Hope The Telegraph’s paywall is as a success as others.

Another Newspaper Bought By Another Rich Guy

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In this day and age, it is no surprise that another rich guy is buying out a family-owned community paper.

It was announced a few days ago that John Georges will be acquiring The Advocate, a Baton Rouge, Louisiana based newspaper.

Now this can go two ways and can either be a good thing or a bad thing. From what I’ve read, the newspaper has been doing quite well over the years and is the leading daily newspaper of the south-east Louisiana area, which also includes the greater New Orleans area.

Keeping in mind that the buyer already owns food services and a restaurant in New Orleans, makes me wonder, why on earth is he buying out a newspaper? I understand that it is doing surprisingly well when compared to other dailies in other cities, that have either died out or turned into weeklies.

But The Advocate is very established! It has the Monday-Friday Advocate; the weekend editions, Saturday and Sunday Advocate; a New Orleans edition; and a Monday-Saturday edition for the Lafayette and Acadiana areas. I like to call this a newspaper whose audience has not drifted away into the hype of the new internet phase.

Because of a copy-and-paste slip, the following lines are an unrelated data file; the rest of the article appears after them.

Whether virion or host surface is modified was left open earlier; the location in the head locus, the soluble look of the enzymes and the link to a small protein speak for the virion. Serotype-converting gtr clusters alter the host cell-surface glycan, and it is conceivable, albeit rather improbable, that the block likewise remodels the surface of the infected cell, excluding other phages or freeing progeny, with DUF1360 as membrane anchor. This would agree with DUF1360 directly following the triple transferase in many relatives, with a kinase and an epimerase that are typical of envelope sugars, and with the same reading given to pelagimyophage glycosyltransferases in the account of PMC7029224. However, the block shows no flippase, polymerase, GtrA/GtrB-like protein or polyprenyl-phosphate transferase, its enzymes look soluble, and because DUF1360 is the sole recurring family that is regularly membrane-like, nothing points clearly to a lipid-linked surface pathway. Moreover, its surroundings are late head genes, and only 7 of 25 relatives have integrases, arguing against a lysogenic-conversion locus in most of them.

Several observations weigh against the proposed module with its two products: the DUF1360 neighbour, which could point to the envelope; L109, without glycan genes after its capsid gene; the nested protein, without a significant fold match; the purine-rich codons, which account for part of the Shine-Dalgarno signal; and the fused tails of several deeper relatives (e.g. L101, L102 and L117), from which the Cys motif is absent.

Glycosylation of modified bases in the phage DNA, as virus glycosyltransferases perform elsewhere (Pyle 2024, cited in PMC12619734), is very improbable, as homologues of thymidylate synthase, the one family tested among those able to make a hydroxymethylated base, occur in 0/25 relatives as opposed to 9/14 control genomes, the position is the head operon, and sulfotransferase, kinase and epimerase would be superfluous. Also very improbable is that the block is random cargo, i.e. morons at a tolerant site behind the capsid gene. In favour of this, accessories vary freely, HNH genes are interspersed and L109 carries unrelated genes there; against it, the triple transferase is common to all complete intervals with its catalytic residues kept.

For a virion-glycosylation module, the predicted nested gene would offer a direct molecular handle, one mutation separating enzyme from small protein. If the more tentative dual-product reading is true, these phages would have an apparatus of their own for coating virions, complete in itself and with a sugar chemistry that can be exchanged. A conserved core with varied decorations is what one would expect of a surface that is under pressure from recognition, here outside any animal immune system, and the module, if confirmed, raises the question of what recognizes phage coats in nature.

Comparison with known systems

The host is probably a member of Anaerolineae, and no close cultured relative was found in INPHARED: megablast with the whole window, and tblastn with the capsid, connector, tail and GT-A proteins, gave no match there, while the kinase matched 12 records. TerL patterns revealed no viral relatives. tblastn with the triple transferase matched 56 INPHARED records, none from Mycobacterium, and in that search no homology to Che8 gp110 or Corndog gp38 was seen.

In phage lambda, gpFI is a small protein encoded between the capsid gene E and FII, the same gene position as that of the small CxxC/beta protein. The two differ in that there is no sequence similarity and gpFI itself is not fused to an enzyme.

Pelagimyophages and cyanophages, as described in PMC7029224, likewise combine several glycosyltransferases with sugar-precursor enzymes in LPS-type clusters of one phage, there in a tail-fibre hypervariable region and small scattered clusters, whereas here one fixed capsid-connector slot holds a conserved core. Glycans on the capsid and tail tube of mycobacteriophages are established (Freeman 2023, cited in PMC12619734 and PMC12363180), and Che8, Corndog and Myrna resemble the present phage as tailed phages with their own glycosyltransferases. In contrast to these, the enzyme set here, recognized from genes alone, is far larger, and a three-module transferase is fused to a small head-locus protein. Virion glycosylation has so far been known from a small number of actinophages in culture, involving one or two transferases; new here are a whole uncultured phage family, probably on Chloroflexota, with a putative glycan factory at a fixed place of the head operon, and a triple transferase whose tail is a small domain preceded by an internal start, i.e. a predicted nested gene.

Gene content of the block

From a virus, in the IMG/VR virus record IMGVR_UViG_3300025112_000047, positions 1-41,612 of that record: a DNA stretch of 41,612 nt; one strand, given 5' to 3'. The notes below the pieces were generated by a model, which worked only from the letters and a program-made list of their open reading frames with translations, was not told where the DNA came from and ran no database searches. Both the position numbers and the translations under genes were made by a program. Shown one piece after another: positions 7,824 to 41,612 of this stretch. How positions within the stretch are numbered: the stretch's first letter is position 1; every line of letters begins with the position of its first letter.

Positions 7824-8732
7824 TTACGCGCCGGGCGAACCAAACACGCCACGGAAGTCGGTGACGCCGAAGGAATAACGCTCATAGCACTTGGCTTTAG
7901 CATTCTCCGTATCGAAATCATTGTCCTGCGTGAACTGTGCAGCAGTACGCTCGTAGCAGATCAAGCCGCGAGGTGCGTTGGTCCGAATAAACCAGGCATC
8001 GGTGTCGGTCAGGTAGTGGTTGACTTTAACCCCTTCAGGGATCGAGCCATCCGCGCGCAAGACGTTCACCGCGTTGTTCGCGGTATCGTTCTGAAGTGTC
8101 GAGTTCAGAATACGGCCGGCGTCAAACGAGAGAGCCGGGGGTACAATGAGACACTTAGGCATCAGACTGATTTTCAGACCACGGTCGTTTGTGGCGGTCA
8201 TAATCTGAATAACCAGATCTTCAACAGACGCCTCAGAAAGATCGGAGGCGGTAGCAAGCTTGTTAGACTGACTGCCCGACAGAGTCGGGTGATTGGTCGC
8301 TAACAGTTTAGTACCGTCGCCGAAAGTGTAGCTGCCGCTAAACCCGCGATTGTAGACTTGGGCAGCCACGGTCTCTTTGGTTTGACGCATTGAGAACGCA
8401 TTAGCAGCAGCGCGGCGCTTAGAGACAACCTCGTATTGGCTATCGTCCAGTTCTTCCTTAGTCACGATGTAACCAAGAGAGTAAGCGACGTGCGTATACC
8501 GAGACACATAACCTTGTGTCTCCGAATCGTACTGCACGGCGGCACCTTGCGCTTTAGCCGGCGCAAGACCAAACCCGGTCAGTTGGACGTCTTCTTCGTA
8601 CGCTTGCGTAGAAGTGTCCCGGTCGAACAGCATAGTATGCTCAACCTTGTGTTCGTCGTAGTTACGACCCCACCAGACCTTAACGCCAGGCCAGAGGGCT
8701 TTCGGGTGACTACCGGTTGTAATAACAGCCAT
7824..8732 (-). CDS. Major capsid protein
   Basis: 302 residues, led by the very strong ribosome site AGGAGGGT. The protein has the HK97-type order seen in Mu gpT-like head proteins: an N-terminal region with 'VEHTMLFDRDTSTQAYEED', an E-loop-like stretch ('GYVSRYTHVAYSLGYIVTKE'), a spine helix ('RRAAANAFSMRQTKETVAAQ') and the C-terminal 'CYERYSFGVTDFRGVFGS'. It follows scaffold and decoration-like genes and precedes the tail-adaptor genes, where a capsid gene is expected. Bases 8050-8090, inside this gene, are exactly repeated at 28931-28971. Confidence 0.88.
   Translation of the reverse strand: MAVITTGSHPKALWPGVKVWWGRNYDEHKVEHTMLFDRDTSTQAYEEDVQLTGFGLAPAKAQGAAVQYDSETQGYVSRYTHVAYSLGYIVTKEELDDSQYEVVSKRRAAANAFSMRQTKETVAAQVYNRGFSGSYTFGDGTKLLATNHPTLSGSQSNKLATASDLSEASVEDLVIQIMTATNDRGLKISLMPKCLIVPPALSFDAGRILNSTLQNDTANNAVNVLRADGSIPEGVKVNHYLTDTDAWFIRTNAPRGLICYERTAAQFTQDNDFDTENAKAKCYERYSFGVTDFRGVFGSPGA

So back to my original question…

Why buy a newspaper, when it seems obvious that you have no experience in running a paper? I personally think that he is buying it because of its popularity and the return investment will be golden for him.

However, I do kind of feel sorry for the paper in general. As I said before, it can go down two ways.

Way one: He can buy the paper and turn it into a public relations haven, like others have done. It could turn into a paper that is filled with more advertisements than stories. It can become a paper filled with feature stories rather than hard news stories or stories affecting the area. For all I know, he can turn the paper into a magazine.

Way two: He can turn the paper around for the better. He can do a 360 and be an owner who actually cares about the paper and not primary about the money. He could potentially expand the paper to other areas, which will increase the need of journalists in terms of jobs. He could even go as far as expanding the paper to the point where The Advocate might look for other mediums to acquire like a radio station. Who knows?

All we can do is hope that it is for the better and never for the worse.